[Note: The relevant part of this 1781 indenture is transcribed at the bottom of this post. Also, though I believe the document is about two pieces of land, only only one is described in the document.]


On Ancestry, I searched for David Beilor in Warwick, Pennsylvania. I did not state a county because Warwick Township was in Lancaster County in the 1700s, but is now in Chester County. The only document result was from the database "Pennsylvania, Land Warrants and Applications, 1733-1952" which looked promising.

Land Warrant Application, David Beiler & Michael Cline, record number 463, 15 February 1748/9; digital images, "Pennsylvania, Land Warrants & Applications, 1733-1952," Ancestry.com (http://ancestry.com : accessed 13 February 2017).

I was surprised to see the document, dated 1749, was for both "David Beiler & Michael Cline."   Now, I am now eager to find out more about David Beiler. Were Michael Kline and David Beiler related? Were they friends who moved their families to Warwick Township from someplace else? [Note: I will share more about the other side of this land warrant application soon.]

Similar searches for Thomas Falkner and John and Jacob Snavely did not give any promising results. George Kline, however, had a lot of results in Warwick and I will need to research him further.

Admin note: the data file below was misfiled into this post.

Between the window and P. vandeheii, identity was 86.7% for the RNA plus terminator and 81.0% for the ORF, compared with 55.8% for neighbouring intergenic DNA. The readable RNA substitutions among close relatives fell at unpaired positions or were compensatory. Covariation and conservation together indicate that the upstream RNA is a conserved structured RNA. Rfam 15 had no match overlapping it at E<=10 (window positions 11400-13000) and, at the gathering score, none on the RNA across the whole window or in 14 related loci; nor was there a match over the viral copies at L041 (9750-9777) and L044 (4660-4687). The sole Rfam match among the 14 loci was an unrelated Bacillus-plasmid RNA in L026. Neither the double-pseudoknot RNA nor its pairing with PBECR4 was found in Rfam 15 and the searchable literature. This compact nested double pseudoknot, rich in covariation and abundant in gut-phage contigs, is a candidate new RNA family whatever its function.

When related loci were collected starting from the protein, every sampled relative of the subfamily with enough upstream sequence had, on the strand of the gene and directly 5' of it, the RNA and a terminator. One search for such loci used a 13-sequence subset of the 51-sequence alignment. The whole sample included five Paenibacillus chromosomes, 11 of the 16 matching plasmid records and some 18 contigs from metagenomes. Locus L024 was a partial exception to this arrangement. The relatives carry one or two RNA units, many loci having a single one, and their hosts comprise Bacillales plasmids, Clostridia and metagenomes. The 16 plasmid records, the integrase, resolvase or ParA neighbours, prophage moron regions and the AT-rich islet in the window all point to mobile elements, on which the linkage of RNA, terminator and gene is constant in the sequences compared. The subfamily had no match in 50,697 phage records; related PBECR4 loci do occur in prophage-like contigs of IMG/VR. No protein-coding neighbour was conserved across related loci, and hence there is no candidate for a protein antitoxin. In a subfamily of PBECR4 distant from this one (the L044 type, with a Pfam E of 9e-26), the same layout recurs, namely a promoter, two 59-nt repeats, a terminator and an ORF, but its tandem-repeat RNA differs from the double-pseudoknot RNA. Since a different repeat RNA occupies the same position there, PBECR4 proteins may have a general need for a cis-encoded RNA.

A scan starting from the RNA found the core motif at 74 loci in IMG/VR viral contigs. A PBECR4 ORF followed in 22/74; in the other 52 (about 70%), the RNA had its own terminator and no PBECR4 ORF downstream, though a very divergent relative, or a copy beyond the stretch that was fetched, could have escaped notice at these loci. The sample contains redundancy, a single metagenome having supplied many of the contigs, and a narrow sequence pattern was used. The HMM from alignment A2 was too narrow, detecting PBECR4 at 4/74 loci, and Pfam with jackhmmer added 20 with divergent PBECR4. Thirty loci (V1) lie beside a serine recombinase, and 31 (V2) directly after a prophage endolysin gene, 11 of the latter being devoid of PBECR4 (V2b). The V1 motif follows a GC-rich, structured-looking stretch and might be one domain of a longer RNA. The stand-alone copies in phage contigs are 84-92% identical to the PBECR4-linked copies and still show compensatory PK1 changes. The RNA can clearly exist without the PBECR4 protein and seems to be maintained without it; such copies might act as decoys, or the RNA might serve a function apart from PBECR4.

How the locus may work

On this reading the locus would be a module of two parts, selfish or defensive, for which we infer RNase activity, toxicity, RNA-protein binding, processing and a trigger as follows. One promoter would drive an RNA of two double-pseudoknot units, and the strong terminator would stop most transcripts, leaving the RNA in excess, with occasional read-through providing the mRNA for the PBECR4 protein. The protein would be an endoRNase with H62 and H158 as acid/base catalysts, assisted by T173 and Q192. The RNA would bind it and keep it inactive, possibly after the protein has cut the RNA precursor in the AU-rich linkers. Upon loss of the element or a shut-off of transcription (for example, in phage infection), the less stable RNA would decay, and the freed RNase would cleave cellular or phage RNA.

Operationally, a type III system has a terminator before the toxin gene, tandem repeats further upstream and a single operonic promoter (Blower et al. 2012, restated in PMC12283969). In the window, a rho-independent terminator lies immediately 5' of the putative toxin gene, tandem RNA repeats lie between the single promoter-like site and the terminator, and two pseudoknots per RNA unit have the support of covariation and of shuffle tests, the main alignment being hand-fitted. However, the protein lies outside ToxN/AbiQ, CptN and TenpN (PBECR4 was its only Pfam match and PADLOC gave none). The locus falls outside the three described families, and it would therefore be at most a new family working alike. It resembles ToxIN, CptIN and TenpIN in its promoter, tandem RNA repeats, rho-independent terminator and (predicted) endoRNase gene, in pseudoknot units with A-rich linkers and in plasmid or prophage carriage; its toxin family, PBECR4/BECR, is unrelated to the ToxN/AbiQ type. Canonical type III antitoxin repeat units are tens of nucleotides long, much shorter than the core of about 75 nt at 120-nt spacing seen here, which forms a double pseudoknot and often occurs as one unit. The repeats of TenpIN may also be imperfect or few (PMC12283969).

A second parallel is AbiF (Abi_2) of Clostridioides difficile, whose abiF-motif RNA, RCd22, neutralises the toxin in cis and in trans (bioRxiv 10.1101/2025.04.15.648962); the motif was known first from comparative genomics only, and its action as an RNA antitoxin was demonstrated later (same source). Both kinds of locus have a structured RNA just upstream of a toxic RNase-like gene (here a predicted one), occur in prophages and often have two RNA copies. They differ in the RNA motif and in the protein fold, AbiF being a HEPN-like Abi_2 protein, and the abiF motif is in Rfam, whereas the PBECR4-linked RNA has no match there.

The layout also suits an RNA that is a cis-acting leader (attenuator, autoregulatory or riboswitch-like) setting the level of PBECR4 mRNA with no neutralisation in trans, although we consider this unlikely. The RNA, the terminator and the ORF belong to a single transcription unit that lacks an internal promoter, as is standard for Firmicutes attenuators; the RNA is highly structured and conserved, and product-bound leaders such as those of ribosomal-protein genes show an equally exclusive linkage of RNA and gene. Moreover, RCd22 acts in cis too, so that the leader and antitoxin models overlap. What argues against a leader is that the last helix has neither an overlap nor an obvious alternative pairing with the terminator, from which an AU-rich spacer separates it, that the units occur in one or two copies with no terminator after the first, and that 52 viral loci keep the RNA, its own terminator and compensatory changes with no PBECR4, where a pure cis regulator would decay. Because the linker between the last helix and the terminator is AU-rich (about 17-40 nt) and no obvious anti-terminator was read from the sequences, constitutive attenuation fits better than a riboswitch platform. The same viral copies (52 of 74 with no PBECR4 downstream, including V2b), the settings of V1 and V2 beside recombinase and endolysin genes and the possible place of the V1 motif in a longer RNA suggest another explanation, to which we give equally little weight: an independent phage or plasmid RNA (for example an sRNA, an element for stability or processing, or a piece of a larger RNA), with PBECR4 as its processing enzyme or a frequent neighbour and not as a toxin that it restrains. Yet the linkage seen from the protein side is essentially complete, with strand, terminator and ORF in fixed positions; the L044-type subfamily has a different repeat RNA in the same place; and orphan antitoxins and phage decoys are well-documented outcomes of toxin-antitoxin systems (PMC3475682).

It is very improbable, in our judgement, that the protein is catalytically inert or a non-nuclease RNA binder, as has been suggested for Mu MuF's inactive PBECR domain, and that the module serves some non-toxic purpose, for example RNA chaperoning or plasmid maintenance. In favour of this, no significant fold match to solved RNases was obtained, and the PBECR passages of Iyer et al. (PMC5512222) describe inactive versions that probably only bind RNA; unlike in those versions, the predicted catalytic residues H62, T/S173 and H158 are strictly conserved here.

Below is both the image and transcription of the relevant sections of this 1781 indenture with words written in bold for emphasis by me.







Lancaster County, Pennsylvania, Deed Book X, page 414, "Dorothea Kline & Al to Nicholas Kline."
Lancaster County, Pennsylvania, Deed Book X, page 414, "Dorothea Kline & Al to Nicholas Kline."

...bargain sell alien remiss release confirm relinguish [sic] and forever quit claim unto
all that & those, two several tracts of land situate & being in the township of 
Warwick county of Lancaster & State aforesaid, the first whereof bounded & described 
as follows,  to wit, Beginning at a white oak corner of David Belior's land by the 
same south seven degrees and a half west ninety seven perches and a half of a perch 
to a stone, thence by the same north seventy degrees west one hundred & fifteen 
perches to a post thence by George Kline's land, south nineteen degrees west thir-
teen perches & three quarters of a perch to a post, thence by the same south west 
twenty three perches to a post thence by the same north fifty degrees west twenty 
two perches to a post, thence by the same north twenty two degrees east twenty 
perches & half a perch, thence by the same north seven perches to a post 
thence by the aforesaid David Bailor's land north eighty nine degrees west thirty 
nine perches to a post, thence by Thomas Falkner's land, south seven degrees & 
a half west seventy seven perches to a post, thence by John & Jacob Sneavly's [sic] land 
south eighty two degrees east one hundred & eighty eight perches to a small hickory, 
thence by land that was formerly vacant north seven degrees & a half east two hundred 
and thirty perches & a half of a perch to a white oak, thence north eighty 
two degrees west sixty five perches to a post, thence by George Kline's land south 
seven degrees and a half west seventy two perches & a half of a perch to a post,